Heathenism by its very nature must be strongly against the mainline of the New Thought movement, which suggests that reality is what we think, as if there were no real world, independent and sovereign, as Dave Foreman so aptly puts it, into which we must adjust ourselves. If the world is thought, it is not our thought. It is the thought of millions of spirits who dream it together. Heathenism always acknowledged those millions of spirits, those others with whom we share the world. So see this as dream or firm reality, it is the thought of all of us together in tandem. While New Thought erases those spirits and reduces things down to a two which is really a one : there is you, and there is God or the Universe, really in the form of a giant teat there to supply all of your infantile needs. To this, heathenism says : grow up. Grow up and acknowledge that the world exists outside of you and your thoughts. Grow up and realize that negative thoughts may affect your own morale and the morale of those around but do not in and of themselves change the reality of forests and deserts and mountains.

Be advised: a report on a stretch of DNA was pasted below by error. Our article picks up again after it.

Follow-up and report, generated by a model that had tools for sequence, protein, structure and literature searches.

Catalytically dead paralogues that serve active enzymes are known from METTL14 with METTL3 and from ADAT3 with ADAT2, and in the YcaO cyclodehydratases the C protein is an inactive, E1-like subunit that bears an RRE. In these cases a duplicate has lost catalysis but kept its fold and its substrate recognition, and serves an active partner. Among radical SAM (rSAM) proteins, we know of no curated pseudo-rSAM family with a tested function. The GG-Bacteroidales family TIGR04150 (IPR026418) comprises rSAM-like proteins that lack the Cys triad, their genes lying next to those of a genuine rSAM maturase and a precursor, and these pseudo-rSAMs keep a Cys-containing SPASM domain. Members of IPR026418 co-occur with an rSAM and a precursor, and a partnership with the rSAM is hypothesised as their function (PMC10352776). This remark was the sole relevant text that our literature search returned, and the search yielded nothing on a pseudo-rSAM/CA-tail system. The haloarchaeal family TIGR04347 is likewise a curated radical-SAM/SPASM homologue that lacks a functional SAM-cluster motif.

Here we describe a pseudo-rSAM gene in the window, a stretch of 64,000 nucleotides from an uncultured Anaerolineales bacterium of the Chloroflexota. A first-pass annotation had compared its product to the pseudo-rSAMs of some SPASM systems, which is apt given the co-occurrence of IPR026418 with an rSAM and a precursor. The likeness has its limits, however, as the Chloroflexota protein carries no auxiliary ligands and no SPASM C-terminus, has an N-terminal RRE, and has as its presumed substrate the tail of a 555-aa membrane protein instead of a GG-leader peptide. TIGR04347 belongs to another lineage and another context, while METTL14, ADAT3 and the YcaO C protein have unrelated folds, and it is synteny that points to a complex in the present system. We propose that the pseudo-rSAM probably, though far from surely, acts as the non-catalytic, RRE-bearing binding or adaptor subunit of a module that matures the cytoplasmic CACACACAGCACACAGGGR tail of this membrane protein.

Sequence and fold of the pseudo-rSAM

Yes, there was an acknowledgement of magic in the old tradition, but significantly, it was always envisioned as a singing with the spirits, a joining the chorus, as it were, and not a solo act before which the world bows down in applause. No, the world is real, even be it a co-dreaming. It is real and solid and soulful. In its hardness and opaqueness and sometimes impenetrability, its roughness and its sharpness, its variable coefficient of adversity, as Sartre puts it, are parts of its soul. We may be drawn by spirits along currents of wyrd that are the way the world works, and in that gushing flow of might, we may be drawn to that which we most need, and be blessed by its magic, but it is the magic of the world, and our nimble, skillful, humble return to the chorus.